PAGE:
Entertainment NewsLatest NewsMovies Review

HBO Max pulls down classic Gone With the Wind after racism protests

The development comes as media companies reappraise content in the wake of protests over police brutality and systemic racism after the death of George Floyd in US.

HBO Max's classic Gone
Views

HBO Max the streaming platform has pulled down the classic movie Gone With The Wind from its library. 

The development comes as media companies reappraise content in the wake of protests over police brutality and systemic racism after the death of George Floyd in the US.

Starring Hollywood icons Vivien Leigh and Clark Gable, the multiple Oscar-winning US Civil War epic was released in 1939. It remains the highest-grossing movie of all time adjusted for inflation,

Read More : Friends reunion is finally happening for one-off special on HBO Max

However, the film has been considered controversial for its depiction of black people and its overt positive view of slavery.

gone with the wind

“Gone With The Wind is a product of its time and depicts some of the ethnic and racial prejudices that have, unfortunately, been commonplace in American society,” an HBO Max spokesperson said in a statement to AFP.

“These racist depictions were wrong then and are wrong today, and we felt that to keep this title up without an explanation and a denouncement of those depictions would be irresponsible.”

HBO Max old film scene

Earlier on Tuesday, 12 Years A Slave screenwriter John Ridley’s op-ed appeared in the Los Angeles Times calling out at HBO for having the film on its portal. 

In the article titled “Hey, HBO, Gone With the Wind romanticizes the horrors of slavery. Take it off your platform for now”, the Oscar winner argued that the film had its “own unique problem”.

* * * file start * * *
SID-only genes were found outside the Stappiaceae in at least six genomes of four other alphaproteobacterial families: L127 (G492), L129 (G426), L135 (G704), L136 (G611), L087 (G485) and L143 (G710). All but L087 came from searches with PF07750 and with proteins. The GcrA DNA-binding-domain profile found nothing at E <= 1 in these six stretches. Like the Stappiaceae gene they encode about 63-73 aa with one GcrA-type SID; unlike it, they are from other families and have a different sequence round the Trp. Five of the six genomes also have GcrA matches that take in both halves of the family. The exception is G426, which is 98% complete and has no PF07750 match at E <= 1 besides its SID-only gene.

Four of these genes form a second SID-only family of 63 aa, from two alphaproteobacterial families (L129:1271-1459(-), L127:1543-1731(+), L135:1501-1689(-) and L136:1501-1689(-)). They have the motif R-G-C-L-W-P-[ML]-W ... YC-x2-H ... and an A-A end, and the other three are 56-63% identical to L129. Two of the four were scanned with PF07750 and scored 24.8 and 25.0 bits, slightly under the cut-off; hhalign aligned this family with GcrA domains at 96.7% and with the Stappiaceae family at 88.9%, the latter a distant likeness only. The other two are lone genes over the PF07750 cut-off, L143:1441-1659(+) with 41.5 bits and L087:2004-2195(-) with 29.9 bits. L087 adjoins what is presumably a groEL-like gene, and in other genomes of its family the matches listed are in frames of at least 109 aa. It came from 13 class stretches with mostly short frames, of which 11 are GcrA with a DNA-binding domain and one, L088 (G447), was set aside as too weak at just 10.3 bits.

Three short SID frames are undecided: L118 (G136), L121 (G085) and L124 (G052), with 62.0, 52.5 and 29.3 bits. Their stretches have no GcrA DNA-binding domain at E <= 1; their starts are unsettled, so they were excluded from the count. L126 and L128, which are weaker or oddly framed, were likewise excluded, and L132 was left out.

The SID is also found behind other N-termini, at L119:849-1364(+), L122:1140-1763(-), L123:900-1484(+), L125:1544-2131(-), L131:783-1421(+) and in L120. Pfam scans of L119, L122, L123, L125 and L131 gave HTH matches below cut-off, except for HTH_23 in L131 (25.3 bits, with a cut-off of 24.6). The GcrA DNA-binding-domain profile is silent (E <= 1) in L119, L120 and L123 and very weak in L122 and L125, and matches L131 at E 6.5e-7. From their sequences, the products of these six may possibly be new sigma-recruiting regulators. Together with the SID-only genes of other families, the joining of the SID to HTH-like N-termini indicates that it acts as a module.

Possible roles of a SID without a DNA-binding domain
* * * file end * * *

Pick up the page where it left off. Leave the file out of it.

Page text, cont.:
“It doesn’t just ‘fall short’ with regard to representation. It is a film that glorifies the antebellum south. It is a film that, when it is not ignoring the horrors of slavery, pauses only to perpetuate some of the most painful stereotypes of people of color,” Ridley wrote.

“It is a film that, as part of the narrative of the ‘Lost Cause’, romanticizes the Confederacy in a way that continues to give legitimacy to the notion that the secessionist movement was something more, or better, or more noble than what it was — a bloody insurrection to maintain the ‘right’ to own, sell and buy human beings,” he added.

 

the authorSaman Siddiqui
Saman Siddiqui, A freelance journalist with a Master’s Degree in Mass Communication and MS in Peace and Conflict Studies. Associated with the media industry since 2006. Experience in various capacities including Program Host, Researcher, News Producer, Documentary Making, Voice Over, Content Writing Copy Editing, and Blogging, and currently associated with OyeYeah since 2018, working as an Editor.

Leave a Reply

nineteen + twenty =